What is the relationship between oil and equities?

5 mins. to read
What is the relationship between oil and equities?

The correlation between oil prices and equity prices has always been shrouded in mysticism, with no one being able to come up with a clear cut explanation for the relationship between the two. Many studies point to a strong relationship between the returns on oil and equities; many others point to the absence of any relationship. Even when correlation is found, it is sometimes labelled as positive, while at other times being labelled as negative. For the most part of the 2000s the correlation between the stock market and oil prices was tame at best; but lately, the relationship is gaining some strength, leading many traders to split their monitors between the S&P 500 and WTI Oil, waiting for a clue.

The correlation between S&P 500 returns and WTI returns since the beginning of 2000 until now has averaged 0.17. When replacing the S&P 500 with the FTSE 100 the same increases to 0.20; and if we take the MSCI World instead it rises even more to 0.23. Nevertheless, these numbers suggest that on average oil prices and equity returns don’t have much in common, which would suggest that current oil prices don’t explain current equity prices or vice-versa. If you’re looking for guidance for equity price action, you had better look elsewhere. But, still, there are periods when the correlation seems to gain strength. If we take a look at the following chart, where the 120-day correlation between the S&P 500 and WTI oil is depicted for the period between 2000-2016, we can clearly identify a changing pattern. The correlation between WTI Oil and the S&P 500 changed dramatically in 2008.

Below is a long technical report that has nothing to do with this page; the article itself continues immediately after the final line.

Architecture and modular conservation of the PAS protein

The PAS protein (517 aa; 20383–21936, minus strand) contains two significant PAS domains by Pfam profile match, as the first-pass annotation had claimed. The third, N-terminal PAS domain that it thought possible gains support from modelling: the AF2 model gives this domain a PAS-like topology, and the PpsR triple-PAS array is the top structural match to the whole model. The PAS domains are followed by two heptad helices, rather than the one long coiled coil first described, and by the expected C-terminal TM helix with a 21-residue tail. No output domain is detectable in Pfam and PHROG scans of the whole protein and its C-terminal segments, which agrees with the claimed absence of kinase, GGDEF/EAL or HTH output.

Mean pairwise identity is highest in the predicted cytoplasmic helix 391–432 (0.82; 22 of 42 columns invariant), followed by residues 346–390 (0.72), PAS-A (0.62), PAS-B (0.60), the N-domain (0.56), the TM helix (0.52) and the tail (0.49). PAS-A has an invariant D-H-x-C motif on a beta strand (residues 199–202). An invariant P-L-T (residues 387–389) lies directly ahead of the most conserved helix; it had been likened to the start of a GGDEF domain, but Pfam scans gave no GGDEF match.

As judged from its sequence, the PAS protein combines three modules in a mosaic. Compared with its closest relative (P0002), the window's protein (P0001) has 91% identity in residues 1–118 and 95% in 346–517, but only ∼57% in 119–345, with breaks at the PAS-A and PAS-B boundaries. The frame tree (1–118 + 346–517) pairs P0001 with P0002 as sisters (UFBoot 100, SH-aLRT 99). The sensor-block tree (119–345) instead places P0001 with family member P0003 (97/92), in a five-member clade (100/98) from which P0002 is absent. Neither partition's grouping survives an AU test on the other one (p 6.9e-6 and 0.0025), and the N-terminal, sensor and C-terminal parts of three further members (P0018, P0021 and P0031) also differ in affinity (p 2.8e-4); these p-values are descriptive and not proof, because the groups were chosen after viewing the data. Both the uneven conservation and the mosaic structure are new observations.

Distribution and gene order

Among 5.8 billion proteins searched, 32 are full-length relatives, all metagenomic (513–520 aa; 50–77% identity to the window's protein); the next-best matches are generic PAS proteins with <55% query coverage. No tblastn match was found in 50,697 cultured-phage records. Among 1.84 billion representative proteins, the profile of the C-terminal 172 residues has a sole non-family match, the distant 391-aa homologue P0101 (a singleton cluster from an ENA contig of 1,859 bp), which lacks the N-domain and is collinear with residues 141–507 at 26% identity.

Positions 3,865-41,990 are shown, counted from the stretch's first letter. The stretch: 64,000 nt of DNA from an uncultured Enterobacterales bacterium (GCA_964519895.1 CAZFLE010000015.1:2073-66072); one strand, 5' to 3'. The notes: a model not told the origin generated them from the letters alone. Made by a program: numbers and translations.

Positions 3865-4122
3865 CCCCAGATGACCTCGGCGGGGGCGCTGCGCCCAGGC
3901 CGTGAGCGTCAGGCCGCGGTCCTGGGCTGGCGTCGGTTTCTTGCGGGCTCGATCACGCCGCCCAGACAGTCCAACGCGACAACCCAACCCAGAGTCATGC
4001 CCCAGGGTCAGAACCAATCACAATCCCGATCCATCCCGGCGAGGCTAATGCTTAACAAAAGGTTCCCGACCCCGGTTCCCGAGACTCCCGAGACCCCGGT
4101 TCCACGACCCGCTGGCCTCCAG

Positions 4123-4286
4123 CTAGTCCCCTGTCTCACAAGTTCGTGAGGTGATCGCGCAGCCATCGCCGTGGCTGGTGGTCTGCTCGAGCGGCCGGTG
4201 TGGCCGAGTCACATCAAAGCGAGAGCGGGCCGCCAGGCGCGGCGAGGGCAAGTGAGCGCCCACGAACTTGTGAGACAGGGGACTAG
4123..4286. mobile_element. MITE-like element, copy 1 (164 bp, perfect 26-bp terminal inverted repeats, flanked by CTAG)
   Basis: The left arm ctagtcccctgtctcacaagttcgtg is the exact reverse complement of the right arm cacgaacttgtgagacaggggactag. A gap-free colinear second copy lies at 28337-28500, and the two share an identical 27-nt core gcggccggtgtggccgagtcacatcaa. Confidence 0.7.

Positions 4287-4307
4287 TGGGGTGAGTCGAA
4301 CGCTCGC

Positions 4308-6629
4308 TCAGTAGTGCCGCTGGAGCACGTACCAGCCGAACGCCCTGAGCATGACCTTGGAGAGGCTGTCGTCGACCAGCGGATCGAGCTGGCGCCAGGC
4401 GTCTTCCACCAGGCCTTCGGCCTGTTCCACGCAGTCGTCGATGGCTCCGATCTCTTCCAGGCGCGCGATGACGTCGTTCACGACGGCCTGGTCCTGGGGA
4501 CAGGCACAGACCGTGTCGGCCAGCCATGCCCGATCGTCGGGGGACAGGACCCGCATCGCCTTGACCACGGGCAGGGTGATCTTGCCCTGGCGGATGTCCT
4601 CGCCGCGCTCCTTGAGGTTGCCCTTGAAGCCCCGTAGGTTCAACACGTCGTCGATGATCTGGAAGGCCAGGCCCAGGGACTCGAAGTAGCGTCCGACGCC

On September 3, 2008 the correlation between the S&P 500 and oil hit the lowest value of the millennium at -0.34. After that point the correlation rose dramatically, to +0.70 in September 2009. The rising correlation coincides with the period of the financial crisis where oil and stocks were both battered down. In the aftermath of the crisis the correlation remained high for some time but started decreasing again in 2013. A low at -0.12 was then hit on July 2014. More recently the correlation seems to be increasing again and it currently shows a reading of +0.38, which is feeding a renewed interest in the correlation.